September 24, 2021 2:49:20 am
Permission granted by authorities in the past to industrial units to pump treated effluents into rivers must be cancelled, the Gujarat High Court remarked Thursday as it heard a PIL against the discharge of wastewater into the Sabarmati in Ahmedabad.
The court also warned that those threatening or obstructing Gujarat Pollution Control Board (GPCB) officials from performing their duties must be detained under the Prevention of Anti-Social Activities (PASA) Act.
A division bench of Justices JB Pardiwala and VD Nanavati said the court had taken suo motu cognisance of the issue based on media reports in August. The court had then instituted a joint task force to look into the issue and suggested appropriate recommendations to remedy the situation.
The court’s remarks Thursday came after it was highlighted by one of the task force members–Rohit Prajapati of Vadodara-based NGO Paryavaran Suraksha Samiti–that industrial units are dumping their wastewater in the river legally as well as illegally.
When asked what legal dumping was defined as, the court was apprised that the Ahmedabad Municipal Corporation (AMC) had granted permits to several industries over the years, allowing them to discharge “treated effluents” into the river.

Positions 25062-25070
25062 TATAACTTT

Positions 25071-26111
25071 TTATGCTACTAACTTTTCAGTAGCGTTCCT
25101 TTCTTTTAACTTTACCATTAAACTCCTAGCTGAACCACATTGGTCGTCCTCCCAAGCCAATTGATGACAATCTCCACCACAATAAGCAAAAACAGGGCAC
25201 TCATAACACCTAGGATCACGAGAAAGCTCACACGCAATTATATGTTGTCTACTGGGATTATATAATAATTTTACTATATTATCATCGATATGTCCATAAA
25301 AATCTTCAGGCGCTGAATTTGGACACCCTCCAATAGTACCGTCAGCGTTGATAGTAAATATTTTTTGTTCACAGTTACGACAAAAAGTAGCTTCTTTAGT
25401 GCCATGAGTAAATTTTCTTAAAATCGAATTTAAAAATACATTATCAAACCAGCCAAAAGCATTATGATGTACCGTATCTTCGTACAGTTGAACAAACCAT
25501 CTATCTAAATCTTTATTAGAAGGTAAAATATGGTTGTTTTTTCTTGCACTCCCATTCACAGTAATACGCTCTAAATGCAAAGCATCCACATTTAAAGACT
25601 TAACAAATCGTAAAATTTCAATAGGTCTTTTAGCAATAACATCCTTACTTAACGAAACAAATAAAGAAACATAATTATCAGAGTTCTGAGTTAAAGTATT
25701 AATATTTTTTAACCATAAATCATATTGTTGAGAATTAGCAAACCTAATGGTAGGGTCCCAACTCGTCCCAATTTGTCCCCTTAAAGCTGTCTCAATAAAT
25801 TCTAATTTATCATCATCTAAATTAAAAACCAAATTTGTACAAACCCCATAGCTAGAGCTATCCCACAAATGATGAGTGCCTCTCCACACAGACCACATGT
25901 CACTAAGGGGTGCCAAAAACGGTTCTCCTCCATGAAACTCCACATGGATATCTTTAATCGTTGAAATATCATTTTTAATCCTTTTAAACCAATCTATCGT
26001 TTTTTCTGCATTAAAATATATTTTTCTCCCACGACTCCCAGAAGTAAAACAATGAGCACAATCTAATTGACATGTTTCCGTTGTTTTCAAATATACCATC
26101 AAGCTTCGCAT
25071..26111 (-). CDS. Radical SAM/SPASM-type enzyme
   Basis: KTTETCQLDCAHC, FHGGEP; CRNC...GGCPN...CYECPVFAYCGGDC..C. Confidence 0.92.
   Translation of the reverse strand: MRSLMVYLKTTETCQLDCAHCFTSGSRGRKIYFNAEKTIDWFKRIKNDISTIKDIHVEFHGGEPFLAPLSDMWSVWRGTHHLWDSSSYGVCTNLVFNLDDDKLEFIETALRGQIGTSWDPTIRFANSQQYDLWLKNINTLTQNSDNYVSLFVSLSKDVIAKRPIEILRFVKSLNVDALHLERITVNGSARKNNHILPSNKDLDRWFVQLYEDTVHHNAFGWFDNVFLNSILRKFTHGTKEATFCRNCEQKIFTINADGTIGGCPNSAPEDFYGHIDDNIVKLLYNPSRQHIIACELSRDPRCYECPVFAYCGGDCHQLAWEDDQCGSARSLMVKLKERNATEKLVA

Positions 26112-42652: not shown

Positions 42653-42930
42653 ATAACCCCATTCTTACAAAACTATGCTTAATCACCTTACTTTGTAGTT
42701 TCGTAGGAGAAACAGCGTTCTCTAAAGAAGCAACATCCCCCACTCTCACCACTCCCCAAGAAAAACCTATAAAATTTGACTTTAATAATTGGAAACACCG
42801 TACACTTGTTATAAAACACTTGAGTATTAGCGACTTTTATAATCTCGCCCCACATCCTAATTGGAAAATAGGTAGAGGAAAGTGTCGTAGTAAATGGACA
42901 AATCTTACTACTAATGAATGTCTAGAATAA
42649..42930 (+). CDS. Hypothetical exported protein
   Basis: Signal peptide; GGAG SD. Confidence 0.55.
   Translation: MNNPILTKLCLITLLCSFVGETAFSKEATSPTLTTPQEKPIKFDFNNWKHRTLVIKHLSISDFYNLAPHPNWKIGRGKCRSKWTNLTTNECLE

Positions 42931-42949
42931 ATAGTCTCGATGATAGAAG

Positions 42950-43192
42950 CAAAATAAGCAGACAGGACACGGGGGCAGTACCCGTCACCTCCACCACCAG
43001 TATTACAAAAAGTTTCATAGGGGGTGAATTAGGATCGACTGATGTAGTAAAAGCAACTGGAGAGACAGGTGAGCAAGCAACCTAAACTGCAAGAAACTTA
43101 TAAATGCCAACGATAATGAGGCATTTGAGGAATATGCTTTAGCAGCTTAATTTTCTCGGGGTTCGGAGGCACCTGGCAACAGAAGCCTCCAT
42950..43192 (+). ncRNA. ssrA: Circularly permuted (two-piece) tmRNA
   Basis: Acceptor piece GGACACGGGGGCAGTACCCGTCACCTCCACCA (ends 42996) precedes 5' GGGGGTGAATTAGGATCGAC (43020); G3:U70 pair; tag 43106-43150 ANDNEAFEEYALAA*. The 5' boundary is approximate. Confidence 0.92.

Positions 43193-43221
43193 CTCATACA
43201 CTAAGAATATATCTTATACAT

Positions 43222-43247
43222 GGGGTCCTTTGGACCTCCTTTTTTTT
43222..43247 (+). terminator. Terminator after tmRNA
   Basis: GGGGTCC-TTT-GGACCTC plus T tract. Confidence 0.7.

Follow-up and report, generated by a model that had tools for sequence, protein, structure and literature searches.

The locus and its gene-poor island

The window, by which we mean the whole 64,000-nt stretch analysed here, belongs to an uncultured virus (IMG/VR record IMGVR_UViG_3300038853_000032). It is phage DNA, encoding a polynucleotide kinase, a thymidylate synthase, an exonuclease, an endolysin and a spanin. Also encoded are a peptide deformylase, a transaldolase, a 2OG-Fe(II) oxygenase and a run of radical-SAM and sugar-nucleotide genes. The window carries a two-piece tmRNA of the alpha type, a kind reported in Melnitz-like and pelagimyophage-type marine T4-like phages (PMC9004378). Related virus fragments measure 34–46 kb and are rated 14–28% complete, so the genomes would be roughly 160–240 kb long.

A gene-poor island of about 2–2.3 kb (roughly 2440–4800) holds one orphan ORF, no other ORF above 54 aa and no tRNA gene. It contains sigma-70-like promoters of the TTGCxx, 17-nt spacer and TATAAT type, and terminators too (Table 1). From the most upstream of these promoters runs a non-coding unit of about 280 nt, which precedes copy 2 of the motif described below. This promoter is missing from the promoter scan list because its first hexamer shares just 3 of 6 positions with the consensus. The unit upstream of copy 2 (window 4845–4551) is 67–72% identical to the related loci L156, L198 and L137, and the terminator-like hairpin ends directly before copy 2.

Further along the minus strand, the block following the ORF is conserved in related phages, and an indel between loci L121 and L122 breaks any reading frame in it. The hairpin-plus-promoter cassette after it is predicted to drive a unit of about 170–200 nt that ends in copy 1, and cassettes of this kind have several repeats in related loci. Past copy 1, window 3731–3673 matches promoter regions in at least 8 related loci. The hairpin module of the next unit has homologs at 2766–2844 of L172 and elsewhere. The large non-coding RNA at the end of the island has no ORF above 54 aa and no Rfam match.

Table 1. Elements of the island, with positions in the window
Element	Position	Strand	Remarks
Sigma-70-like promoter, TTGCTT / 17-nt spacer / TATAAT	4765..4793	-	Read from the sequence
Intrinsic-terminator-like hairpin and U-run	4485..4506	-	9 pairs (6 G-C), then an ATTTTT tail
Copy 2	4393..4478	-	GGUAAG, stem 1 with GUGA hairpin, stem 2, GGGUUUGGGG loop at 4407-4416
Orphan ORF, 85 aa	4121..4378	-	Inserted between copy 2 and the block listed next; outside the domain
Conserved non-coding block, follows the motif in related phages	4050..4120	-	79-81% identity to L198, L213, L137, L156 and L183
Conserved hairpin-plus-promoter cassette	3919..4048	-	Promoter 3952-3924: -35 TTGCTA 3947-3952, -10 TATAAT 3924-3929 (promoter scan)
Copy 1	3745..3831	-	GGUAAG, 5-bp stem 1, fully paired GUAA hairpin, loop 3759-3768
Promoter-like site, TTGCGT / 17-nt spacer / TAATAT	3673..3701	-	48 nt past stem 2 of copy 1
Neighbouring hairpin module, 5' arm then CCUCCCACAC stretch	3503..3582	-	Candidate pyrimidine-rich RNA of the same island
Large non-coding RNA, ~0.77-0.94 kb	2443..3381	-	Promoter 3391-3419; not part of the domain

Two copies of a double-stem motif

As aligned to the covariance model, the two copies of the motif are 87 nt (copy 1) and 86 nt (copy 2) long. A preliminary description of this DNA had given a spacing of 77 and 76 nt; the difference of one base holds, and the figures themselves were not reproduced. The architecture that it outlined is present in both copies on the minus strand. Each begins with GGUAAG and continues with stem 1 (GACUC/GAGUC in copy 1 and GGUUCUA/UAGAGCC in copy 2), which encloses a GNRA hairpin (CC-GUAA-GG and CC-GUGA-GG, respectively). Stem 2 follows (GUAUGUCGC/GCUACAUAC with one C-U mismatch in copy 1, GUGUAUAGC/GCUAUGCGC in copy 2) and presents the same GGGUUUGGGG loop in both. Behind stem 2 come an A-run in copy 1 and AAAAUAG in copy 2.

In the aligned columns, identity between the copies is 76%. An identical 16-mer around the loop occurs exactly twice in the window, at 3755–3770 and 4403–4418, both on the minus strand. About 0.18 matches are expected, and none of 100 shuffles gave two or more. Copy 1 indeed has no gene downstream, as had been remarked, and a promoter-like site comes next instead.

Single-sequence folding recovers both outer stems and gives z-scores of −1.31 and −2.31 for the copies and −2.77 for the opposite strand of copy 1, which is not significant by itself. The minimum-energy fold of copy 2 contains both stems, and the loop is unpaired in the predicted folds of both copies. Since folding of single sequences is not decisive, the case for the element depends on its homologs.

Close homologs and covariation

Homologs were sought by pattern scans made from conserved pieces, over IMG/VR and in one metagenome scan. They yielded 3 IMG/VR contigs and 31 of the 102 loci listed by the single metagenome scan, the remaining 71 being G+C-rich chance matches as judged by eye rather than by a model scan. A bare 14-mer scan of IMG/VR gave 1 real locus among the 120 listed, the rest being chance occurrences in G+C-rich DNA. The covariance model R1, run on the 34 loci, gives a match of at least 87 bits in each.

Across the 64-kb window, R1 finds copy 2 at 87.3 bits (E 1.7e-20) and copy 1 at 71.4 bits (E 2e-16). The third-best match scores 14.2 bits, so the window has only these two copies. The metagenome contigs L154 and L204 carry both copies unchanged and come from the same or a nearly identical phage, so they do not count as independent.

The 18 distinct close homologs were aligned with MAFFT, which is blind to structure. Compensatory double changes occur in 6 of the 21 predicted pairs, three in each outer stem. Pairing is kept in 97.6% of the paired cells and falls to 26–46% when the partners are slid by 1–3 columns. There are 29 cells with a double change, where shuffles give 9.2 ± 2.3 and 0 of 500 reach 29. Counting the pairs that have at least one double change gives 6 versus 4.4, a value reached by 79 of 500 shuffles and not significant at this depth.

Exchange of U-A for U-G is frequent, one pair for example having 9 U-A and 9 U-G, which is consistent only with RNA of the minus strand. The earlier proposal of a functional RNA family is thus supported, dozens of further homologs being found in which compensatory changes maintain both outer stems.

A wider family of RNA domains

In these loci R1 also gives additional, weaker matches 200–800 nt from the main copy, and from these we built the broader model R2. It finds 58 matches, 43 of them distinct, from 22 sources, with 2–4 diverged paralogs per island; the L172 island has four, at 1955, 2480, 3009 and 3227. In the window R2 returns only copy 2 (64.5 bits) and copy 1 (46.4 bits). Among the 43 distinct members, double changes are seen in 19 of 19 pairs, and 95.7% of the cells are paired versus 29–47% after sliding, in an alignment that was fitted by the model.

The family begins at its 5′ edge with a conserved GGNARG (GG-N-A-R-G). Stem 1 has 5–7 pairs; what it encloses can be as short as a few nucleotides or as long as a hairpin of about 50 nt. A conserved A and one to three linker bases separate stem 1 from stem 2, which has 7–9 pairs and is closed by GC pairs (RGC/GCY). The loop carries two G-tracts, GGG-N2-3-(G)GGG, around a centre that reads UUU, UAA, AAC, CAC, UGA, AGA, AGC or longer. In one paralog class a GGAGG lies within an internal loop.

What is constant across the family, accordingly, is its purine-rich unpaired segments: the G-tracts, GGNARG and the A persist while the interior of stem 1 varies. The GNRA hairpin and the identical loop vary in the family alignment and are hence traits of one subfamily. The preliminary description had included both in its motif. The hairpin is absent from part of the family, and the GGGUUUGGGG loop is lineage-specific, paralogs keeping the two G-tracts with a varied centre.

Meanwhile, Devang Vyas, appearing for GPCB, said the board was only concerned about maintaining prescribed norms and pollution standards, while the grant of permits falls within the exclusive domain of AMC that they have granted “left, right and centre”.
Vyas also submitted before the court that GPCB remained understaffed. Often, the officials attempting to curb polluting activities were at the receiving end of threats and were obstructed from taking action against the industrial units, he added.
“Such persons (who obstruct GPCB from carrying out statutory functions) will be immediately detained under PASA … we will not tolerate such high-handedness,” Justice Pardiwala said in response to Vyas.
Prajapati, who was present in the courtroom, also informed the court that following a meeting of the task force, the whole committee had almost unanimously come to the conclusion that “the river is critically damaged and an almost irreversible damage has been done” with a nearly 120-km stretch of the river practically dead.
Meanwhile, both Vyas and Prajapati suggested that a data collection drive, including mapping legal and illegal connections, as well as, identifying faulty Common Effluent Treatment Plants, was necessary before taking any action.
The court noted that it shall pass an appropriate order soon once it receives the task force’s observations and recommendations in writing.
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